Thanks to Centerline for this.
Pictorial TK carb Main jet, needle spacing change
DISCLAIMER: The following thread is for entertainment purposes only. Don't attempt this at home. If you do, it is at your own risk. My Yamaha TW200 is a model year 2006 North America spec machine. It runs with stock sprockets. I am using a DirectHits spark enhancer. The exhaust system has already been modified with an FMF Power Core IV muffler. The airbox is as yet unmodified. Due to the less restrictive exhaust system, I chose to re-jet the carburetor with a 130 jet, versus the OEM 126 jet. Thanks to Babaganoush and his thread http://tw200forum.com/forums/18477/ShowPost.aspx for the technical knowhow. Thanks to Monkeystone69 for this..... I found shims that will work nicely for raising the needle on the Teikei carbs. They are available from an industrial supply house called McMaster/Carr. They can be found at www.mcmaster.com. The shims I purchased were part #99040A300. They are available in packs of 25 washers. You can order them in varying thicknesses from .001" to .016". I ordered mine in a .010" thickness. The washers are made from 18-8 stainless steel. They are .125" I.D and .187" O.D. I paid $7.81 plus shipping for the pack of 25 washers. They fit nicely with no binding. And thanks to the "discussioners" in the thread. This deals with taking off the carb, shimming the jet needle and changing the main jet on my 2006 TW200 with a TK carb. It is probably similar to other model years, but I have no other TW experience, and actually less than 600 miles experience on the one I have. Perhaps I will post photos later of the beginning process, taking the carb off. Didn't have my camera with me at the time, so will walk/talk thru the beginning. 1. Turn off fuel petcock. 1 1/2. Remove the left side trim panel under forward side of seat. Three attach fittings. The top forward fitting is a friction bayonet one, on the lower edge of panel are two philip head screws. 2. remove fuel line to carb. (It is on TIGHT) 3. On right side of carb, loosen the locknuts on the throttle cables (2cables), remove the cables from their captive guides, then remove the cable ends from the carb throttle actuator. You will get them off, just a little bit of cable wrestling. 4. From the left side, with a philips head screwdriver, loosen the metal clamp that secures the carb to the airbox snorkel on the aft side then loosen the clamp that secures the carb to the cylinder head intake manifold at the front.. 5. Wrestle the carburetor out of the rubber boots whose securing fittings you have just loosened. Figure out the correct orientation to get the carb out of the left side of the bike, take the two drain lines along with the carb. The picture below is the top of the carb. The silvery metal lazy W fitting is where you wrestled the throttle cables free. We are going to open the top of the carb by removing the two screws, one of which has already been removed.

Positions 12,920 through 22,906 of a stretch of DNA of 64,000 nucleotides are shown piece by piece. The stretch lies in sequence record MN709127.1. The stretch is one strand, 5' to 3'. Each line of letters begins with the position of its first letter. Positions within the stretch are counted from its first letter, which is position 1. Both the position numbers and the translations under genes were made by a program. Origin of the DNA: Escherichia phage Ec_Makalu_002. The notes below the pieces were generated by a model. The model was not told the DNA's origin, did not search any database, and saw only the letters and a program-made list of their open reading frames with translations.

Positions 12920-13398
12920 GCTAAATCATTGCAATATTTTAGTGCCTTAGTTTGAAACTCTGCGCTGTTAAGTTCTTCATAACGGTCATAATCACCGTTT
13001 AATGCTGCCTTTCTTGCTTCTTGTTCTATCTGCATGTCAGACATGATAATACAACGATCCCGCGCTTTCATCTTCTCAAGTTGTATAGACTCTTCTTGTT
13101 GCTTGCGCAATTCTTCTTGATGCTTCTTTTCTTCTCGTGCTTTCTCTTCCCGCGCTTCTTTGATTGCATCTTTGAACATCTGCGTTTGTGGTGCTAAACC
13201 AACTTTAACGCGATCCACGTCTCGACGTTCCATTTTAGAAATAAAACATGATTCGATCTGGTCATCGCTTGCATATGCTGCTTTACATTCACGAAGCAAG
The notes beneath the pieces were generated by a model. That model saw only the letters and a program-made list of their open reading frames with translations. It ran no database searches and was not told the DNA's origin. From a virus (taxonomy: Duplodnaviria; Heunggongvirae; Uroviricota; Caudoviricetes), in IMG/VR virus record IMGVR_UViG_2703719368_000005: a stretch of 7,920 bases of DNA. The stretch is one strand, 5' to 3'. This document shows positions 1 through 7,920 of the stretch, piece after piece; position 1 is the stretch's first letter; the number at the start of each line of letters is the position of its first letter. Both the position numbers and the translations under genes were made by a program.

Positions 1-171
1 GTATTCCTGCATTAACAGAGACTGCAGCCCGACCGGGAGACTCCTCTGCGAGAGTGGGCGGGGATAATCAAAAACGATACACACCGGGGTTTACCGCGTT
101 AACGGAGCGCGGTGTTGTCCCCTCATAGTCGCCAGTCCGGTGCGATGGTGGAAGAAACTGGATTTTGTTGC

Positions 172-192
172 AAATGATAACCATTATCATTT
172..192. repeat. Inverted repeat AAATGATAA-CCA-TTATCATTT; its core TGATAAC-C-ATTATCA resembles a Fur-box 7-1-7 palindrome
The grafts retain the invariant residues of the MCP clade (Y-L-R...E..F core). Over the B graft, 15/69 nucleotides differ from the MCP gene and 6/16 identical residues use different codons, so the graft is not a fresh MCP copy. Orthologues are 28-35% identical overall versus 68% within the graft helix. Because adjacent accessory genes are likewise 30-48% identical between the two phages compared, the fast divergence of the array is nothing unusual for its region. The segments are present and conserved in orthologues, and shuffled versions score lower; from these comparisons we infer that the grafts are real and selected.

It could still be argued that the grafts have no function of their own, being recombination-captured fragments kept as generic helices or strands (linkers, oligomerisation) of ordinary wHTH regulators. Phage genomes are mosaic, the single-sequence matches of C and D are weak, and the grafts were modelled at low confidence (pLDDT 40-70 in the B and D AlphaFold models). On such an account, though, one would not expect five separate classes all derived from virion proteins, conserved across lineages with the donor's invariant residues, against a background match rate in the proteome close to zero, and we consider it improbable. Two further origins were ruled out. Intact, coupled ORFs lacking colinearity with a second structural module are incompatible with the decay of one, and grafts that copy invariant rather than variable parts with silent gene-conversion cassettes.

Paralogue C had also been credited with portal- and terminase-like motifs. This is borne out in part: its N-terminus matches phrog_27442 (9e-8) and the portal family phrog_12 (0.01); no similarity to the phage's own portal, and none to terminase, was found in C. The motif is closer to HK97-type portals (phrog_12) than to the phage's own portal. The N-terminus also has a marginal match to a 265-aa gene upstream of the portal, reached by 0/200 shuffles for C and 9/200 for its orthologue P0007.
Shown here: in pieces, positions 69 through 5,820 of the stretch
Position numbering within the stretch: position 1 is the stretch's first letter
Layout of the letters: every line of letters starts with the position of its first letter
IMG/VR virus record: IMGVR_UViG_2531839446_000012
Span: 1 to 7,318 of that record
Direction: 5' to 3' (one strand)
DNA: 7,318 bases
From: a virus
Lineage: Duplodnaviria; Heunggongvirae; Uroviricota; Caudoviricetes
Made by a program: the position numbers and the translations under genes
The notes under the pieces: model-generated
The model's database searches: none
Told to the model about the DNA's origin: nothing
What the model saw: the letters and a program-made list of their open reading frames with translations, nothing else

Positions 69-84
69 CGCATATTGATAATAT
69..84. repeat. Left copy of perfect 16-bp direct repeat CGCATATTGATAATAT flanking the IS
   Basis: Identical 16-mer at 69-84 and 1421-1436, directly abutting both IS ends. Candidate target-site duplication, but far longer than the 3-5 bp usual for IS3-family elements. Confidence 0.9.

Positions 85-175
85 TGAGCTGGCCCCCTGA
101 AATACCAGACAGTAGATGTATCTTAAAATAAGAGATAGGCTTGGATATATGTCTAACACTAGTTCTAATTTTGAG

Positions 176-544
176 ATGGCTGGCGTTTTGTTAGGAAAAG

Okay, the vacuum chamber cover has been removed and we are looking down into the piston valve where the jet needle lives...underneath that big ass spring, the vacuum chamber spring. The outside circumference of the piston valve is a soft pliable silicon-like material, the inner portion a hard plastic.
Now, take the big vacuum chamber spring out and put it where you can find it again.
You are looking down into the piston valve assembly and onto the top of the jet needle holder
Gently grasp the outer edge of the piston valve and pull it straight up out of the carburetor. The jet needle can be seen protruding beneath the piston valve.
You are doing good. Place a finger under the exposed tip of the jet needle and push it up so that you can grab the white plastic jet needle holder. There is a small spring under the jet needle holder between the holder and the needle. Don't lose the small spring as you lift the white plastic holder clear of the jet needle. You will remove the jet needle white plastic holder, the small spring and the jet needle itself. They are all in the next photo.